Land, in an economic sense, is defined as the entire material universe outside of people themselves and the products of people. It includes all natural resources, materials, airwaves, as well as the ground. All air, soil, minerals and water is included in the definition of land. Everything that is freely supplied by nature, and not made by man, is categorized as land.
Land holds a unique and pivotal position in social, political, environmental and economic theory. Land supports all life and stands at the center of human culture and institutions. All people, at all times, must make use of land. Land has no cost of production. It is nature’s gift to mankind, which enables life to continue and prosper.
Land’s uniqueness stems from its fixed supply and immobility. Land cannot be manufactured or reproduced. Land is required directly or indirectly in the production of all goods and services. Land is our most basic resource and the source of all wealth.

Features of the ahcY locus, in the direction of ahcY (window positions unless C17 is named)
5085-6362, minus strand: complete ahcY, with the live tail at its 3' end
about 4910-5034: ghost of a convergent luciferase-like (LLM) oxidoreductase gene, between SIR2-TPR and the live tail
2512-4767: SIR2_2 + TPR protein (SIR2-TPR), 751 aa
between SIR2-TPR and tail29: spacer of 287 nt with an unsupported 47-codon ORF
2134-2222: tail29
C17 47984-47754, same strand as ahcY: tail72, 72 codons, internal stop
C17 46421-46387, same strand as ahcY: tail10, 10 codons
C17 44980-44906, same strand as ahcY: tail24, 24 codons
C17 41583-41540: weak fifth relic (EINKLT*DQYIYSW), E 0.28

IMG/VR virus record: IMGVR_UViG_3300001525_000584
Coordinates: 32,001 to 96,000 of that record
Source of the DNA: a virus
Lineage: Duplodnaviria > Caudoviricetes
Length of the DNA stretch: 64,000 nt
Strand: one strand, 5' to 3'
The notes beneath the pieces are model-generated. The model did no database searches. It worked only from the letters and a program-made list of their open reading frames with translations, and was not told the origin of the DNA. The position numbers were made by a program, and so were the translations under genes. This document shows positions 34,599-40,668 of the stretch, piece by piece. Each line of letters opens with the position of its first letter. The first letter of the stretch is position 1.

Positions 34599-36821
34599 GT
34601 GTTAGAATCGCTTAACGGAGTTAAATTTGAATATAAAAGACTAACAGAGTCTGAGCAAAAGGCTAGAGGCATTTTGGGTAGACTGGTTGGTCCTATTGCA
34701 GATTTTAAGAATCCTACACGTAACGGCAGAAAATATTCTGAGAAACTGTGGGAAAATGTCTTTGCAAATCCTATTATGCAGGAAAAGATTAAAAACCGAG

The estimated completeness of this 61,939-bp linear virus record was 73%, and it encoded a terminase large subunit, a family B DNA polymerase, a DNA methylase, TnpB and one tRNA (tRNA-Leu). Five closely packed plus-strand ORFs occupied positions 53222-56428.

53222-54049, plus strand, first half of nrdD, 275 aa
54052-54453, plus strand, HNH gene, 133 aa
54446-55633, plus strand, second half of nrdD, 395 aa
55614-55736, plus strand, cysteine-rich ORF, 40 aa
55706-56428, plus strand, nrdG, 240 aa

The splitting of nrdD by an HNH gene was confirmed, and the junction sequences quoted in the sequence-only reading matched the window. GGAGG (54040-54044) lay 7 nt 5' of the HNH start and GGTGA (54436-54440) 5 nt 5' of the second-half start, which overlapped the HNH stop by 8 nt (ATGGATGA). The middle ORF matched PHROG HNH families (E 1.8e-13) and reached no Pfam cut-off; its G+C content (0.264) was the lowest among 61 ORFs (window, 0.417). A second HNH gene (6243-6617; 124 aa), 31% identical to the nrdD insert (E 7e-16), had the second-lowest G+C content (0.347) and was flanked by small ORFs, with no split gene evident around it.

Land rent is the price paid annually for the exclusive right (a monopoly) to use a certain location, piece of land or other natural resource. People receive wages for work, capital receives interest for investment, and land receives rent for the exclusive use of a location. Equity and efficiency require that the local general public, who created land value, should be paid for the exclusive use of a land site. That Payment is in the form of a land tax.